Poor crouched Richard (Olivier) sees his brother Edward become king of England, resolves to do something about it. Before Richard in line to the throne is his brother Clarence (John Gielgud), whom he imprisons in the tower and then has assassin Michael Gough (The Horse’s Mouth) murder, then basically guilts the sitting king (Cedric Hardwicke of Suspicion) to his death thinking he’d ordered his own son killed. In the midst of these plots, Richard finds time to relentlessly chase and finally marry the Prince of Wales’s widow Anne (Claire Bloom, Hera in Clash of the Titans), who then mostly disappears from the movie. Next in line: Richard’s young nephew Edward V (Paul Clunes, 12 at the time, a TV writer/producer in the 1980’s), whom Richard cajoles into the tower and has killed. Richard’s cousin Buckingham (prominently-schnozzed Ralph Richardson of The Holly and the Ivy) helps him gain favor to be crowned king, then flees when he finds out about all the murdering, but is soon captured (and murdered) within the span of a single scene. All this murder reminds me of Kind Hearts and Coronets. Finally we break out of the castle, snooze through a talky dream sequence then get a nice battlefield scene vs. golden-wigged Henry (Stanley Baker of Losey’s Eva and Accident) and balding traitor Lord Stanley (Laurence Naismith, Fezziwig in Albert Finney’s Scrooge).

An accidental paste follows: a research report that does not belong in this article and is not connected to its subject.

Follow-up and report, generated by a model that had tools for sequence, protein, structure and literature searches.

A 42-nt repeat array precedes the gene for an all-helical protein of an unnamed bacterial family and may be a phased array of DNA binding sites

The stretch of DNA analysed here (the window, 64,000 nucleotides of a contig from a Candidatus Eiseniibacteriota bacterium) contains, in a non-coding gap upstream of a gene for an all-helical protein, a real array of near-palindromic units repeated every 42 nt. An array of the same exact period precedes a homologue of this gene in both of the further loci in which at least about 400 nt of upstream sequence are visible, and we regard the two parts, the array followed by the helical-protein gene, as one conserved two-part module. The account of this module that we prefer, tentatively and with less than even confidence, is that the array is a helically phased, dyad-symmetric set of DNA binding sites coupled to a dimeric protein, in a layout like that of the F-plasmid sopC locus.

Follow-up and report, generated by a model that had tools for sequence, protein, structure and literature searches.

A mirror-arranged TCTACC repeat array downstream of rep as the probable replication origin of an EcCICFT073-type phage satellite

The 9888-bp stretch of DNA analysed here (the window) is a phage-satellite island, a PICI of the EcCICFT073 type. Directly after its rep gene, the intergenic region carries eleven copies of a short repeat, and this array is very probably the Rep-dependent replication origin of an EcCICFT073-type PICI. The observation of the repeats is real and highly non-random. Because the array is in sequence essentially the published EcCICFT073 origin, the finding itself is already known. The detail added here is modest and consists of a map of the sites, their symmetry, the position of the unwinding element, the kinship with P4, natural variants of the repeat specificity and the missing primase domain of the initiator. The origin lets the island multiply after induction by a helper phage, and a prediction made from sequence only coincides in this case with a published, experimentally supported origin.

A. Taubin on Olivier: “The echo of Hitler in his vocal delivery was deliberate; the atmosphere of paranoia and the violence and rampant betrayals attendant on Richard’s rise to power struck a nerve. . . Olivier gives us a murderous, fanatical protagonist, legendary in history and all too familiar in the modern world.”
Written in the 1590’s and set in the 1480’s. Alexander Korda’s final production, shot by Otto Heller (Peeping Tom). In adapting from the play, Olivier cut half the women’s parts and borrowed scenes from Henry VI. This is known as one of the best-ever Shakespeare adaptations. It wouldn’t make my top five, though I admit the costumes are mighty colorful and elegant. It’s mostly dudes speaking inscrutably on expansive sets – long and hard to follow and no fun.